Finding Wisdom in Unlikely Places

Finding Wisdom in Unlikely places 

Ecclesiastes 7:1-14

“Consider the work of God, for who is able to straighten what He has bent.” 

 

            No one likes a wet blanket at a party, the gloomy person who only brings negativity when people are celebrating the joys of life.  The same is true in our worship.  We want the church to be a place of joy and the worship to be uplifting.  We want sermons to be positive and redemptive, proclaiming God’s love rather than foreboding and foreshadowing divine judgment.  Because of this, the words of Ecclesiastes 7 seem more like a sermon by Digby O’dell  (“The Friendly Undertaker”  in the Radio show “Life of Riley”) rather than the joyous optimism of Pollyanna (Ok, so I am showing my age here in my choice of shows).  Instead of going to the house of feasting, the sage encourages us to go to the house of mourning.  Yet he is not trying to give us a depressing view of life.  Rather he is confronting us with a realistic look at life in a sin-marred world.  The same message is hinted at by Christ in the Sermon on the Mount when he states, “Blessed are those who mourn.”  

The fool rushes to pleasure and denies sin’s awful outcome that brings the certainty of death to all people.  But the wise learn that suffering and hardship are sometimes our greatest teachers, for in our confrontation with our mortality, we discover the true meaning of life.  Thus the paradox in verse three, “when a face is sad, a heart may be happy.” By reflecting upon the end of life, we gain a perspective to make wise decisions in the present.  When we stand on death’s door, it causes us to reflect deeply on how we live life and utilize our time, talents, and resources to serve God.  The greatest tragedy of life is to stand at the chasm of death and realize that we have wasted what God has given us.  The greatest sorrow in life is not death; it is a wasted life. To avoid this fate, it is better to go to the house of mourning, where we are reminded of the end so that we might live rightly in the present. By reflecting upon the end of life, we are able to see the importance of living in the present. With the focus on pleasure, we become trapped in the past, for we forget the hardships and develop an idealistic view of the past (vs. 10).  We live in the realm of the “remember the good ol’ days” even though the “good ol’ days” were not that good.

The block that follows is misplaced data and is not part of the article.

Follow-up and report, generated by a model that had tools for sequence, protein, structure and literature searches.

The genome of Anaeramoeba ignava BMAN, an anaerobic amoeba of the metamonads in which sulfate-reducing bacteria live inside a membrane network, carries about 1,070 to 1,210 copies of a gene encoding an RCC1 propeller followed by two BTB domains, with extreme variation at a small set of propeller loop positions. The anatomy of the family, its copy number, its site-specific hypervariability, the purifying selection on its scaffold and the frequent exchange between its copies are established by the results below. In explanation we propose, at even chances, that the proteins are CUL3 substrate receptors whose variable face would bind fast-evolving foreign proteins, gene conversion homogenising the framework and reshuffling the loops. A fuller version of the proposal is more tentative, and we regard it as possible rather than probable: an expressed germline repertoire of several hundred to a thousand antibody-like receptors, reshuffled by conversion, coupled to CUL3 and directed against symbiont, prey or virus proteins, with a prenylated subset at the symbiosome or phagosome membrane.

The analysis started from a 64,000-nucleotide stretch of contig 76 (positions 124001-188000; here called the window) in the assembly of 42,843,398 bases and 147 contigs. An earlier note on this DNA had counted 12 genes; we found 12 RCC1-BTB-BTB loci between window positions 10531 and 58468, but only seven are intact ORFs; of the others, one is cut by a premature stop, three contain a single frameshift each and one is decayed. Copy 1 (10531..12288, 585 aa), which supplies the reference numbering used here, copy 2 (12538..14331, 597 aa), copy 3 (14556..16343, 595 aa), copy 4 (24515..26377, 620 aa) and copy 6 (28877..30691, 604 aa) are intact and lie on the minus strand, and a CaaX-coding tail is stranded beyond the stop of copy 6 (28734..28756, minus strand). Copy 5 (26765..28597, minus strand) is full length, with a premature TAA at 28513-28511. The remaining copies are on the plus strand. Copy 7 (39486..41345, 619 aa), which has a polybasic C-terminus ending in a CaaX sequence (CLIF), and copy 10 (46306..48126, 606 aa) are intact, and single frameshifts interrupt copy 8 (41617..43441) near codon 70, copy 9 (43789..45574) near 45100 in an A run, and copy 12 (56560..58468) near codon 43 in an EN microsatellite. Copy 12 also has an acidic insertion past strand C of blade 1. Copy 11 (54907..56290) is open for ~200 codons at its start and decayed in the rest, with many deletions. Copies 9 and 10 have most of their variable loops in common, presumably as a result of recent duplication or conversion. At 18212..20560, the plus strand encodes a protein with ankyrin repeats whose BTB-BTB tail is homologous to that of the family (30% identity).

The key to life is to instead live with one eye upon eternity.  It is to see God’s activity in the past, present, and future, in both the joys of life and the tragedies of life.  Meaning and joy are found in recognizing the providence and sovereignty of God (vs. 13-14).  We often see life from a temporal perspective—what brings us joy in the present.  God’s perspective of life is governed by an eternal perspective. He orchestrates events based on what will achieve eternal results, for that is what makes life worth living.  It is only by looking to God and his eternal purposes we can truly begin to see the plan and movement of God in the present.

             A life worth living can only be determined by God.  Thus we must trust God to sovereignly work in our lives through the joys and sorrows (vs. 14).  Rather than become bitter about the struggles of life or become overly enamored with the false hope of prosperity; we can simply trust in God, for it is only in our trust in him that we find true meaning and fulfillment in life.  A life of faith is never a life wasted. This perspective can only come when we remember our mortality. 

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